The fluting also permits control of the ion current created by the secondary emission of electrons along the surface of the support structures. The electron impacts may stimulate gas molecules, encountered as an electron enters the surface of the support structure, to ionize and escape the support structure. The ionization charges the molecule positively, and the molecule is then attracted along the lines of electrostatic field to the cathode. The path of the ion toward the cathode describes a curve back to the surface of the support structure, resulting in the ion's impinging the surface. The impact ejects secondary electrons, enhancing the secondary emission effect. By significantly reducing the number of emissions of secondary electrons at each impact, the fluting reduces the probability of ionization of gas molecules and reduces the probability of further emission of secondary electrons as a result of ion impacts.
A certain number of flutings can be equally spaced along a support structure's sides to reduce secondary emission by matching the number of flutings to the secondary emission characteristics of the particular material used in the support structure or its coating. Every material has certain secondary emission characteristics by which the material's secondary emission coefficient will vary as a function of the voltage at a given length along the material's surface. The secondary emission characteristics of several common materials are shown in FIG. 10. The number of flutings employed should be chosen such that, for the selected material, the voltage drop per flute is less than the voltage at which the secondary emission coefficient for the material is 1.0. For example, assuming a material whose secondary emission coefficient drops below 1.0 at 200 volts, and further assuming a device having an operating voltage of 20 kV, the number of flutings may be 100, which results in 200 volts between each of the flutings (20 kV divided by 100), thereby reducing the threshold voltage to 200 volts at each impact. The key is to reduce the secondary emission coefficient to less than one so that the probability of secondary emissions of electrons is reduced.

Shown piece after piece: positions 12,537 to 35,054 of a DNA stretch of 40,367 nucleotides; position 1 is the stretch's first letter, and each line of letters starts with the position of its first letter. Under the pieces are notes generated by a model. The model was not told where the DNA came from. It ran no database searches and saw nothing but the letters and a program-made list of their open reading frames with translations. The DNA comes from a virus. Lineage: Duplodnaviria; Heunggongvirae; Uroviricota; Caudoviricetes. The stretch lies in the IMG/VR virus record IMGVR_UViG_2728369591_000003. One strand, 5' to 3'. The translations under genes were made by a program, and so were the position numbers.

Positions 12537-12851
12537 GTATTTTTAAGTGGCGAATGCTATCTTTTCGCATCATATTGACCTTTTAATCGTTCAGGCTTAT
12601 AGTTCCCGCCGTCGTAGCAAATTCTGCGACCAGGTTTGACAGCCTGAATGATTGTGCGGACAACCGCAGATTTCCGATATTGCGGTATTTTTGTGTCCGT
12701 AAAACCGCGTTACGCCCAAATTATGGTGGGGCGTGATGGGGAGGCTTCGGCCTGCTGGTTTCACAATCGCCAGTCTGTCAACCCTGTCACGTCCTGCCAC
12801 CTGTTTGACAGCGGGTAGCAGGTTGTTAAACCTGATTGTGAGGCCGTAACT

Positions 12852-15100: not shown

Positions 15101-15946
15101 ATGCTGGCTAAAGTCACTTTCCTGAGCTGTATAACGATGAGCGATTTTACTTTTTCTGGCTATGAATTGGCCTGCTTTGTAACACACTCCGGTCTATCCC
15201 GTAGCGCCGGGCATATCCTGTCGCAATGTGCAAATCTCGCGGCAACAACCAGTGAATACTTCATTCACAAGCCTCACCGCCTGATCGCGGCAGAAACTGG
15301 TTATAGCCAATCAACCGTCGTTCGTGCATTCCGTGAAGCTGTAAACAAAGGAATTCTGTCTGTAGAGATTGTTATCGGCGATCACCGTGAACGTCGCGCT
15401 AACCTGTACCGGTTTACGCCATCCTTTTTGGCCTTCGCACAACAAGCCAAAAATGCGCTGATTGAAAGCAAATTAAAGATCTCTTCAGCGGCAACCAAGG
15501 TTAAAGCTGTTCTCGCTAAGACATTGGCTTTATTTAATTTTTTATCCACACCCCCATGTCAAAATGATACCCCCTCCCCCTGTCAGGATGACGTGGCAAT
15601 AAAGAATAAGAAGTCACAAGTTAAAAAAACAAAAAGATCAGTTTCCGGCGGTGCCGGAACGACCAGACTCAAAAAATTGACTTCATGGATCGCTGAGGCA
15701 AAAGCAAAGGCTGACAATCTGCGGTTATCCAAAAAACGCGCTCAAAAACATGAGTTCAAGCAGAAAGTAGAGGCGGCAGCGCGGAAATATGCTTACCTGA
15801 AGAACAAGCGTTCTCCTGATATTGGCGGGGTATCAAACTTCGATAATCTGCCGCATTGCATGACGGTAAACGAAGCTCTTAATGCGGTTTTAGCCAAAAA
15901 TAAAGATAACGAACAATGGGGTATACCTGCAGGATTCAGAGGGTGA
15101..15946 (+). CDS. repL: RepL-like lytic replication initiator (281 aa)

Another technique for reducing secondary electron emission along the side of the support structure is to use non-porous materials, for example (but not in any way limiting the choice of materials) glass. By reducing the porosity of the surface of the support structure, the probability of gases being trapped in the porous surface is reduced. As described above, these gases, when impinged by electrons, result in the secondary emission of ions. The ions create an ion current toward the cathode, and in the process of traveling along the electrostatic field to the cathode, impinge upon and eject additional secondary electrons.
Secondary electron emission may also be reduced by coating the support structure with a low secondary emission material such as Chromium Oxide. The low secondary emission qualities of such materials will reduce the number of secondary electrons emitted along the support structure sides.
A low secondary emission material may be coated non-uniformly on a support structure provided with the fluting. For example, by sputtering low secondary emission material onto the support structure at an angle relative to the cathode edge, shadow sputtering can be accomplished whereby the low secondary emission material is deposited only in the vicinity of the cathode-facing fluting "over-hangs," as shown in FIG. 11. These surfaces are those that receive the incoming primary electrons, and which therefore require low secondary emission characteristics to reduce emissions. (The same sputtering method may also be used to deposit a conductive coating on the cathode edge of the support structure to accomplish a constant potential as discussed in detail below.)
Secondary electron emission can also be controlled by ensuring constant charge along the support structure (insulator) sides. Charge potential builds up along the structure (insulator) sides during operation of the device. While charge is constantly bled off as a function of the relaxation time of the particular insulator used to make the structure, there is a tendency for the structure to have a higher charge potential at the center of the structure sides due primarily to the long relaxation time of an insulator. The higher charge potential in the center will tend to accelerate electrons, decreasing the trajectory of secondary electrons and increasing the frequency of secondary electron emission, ultimately leading to shorting of the device along the support structure.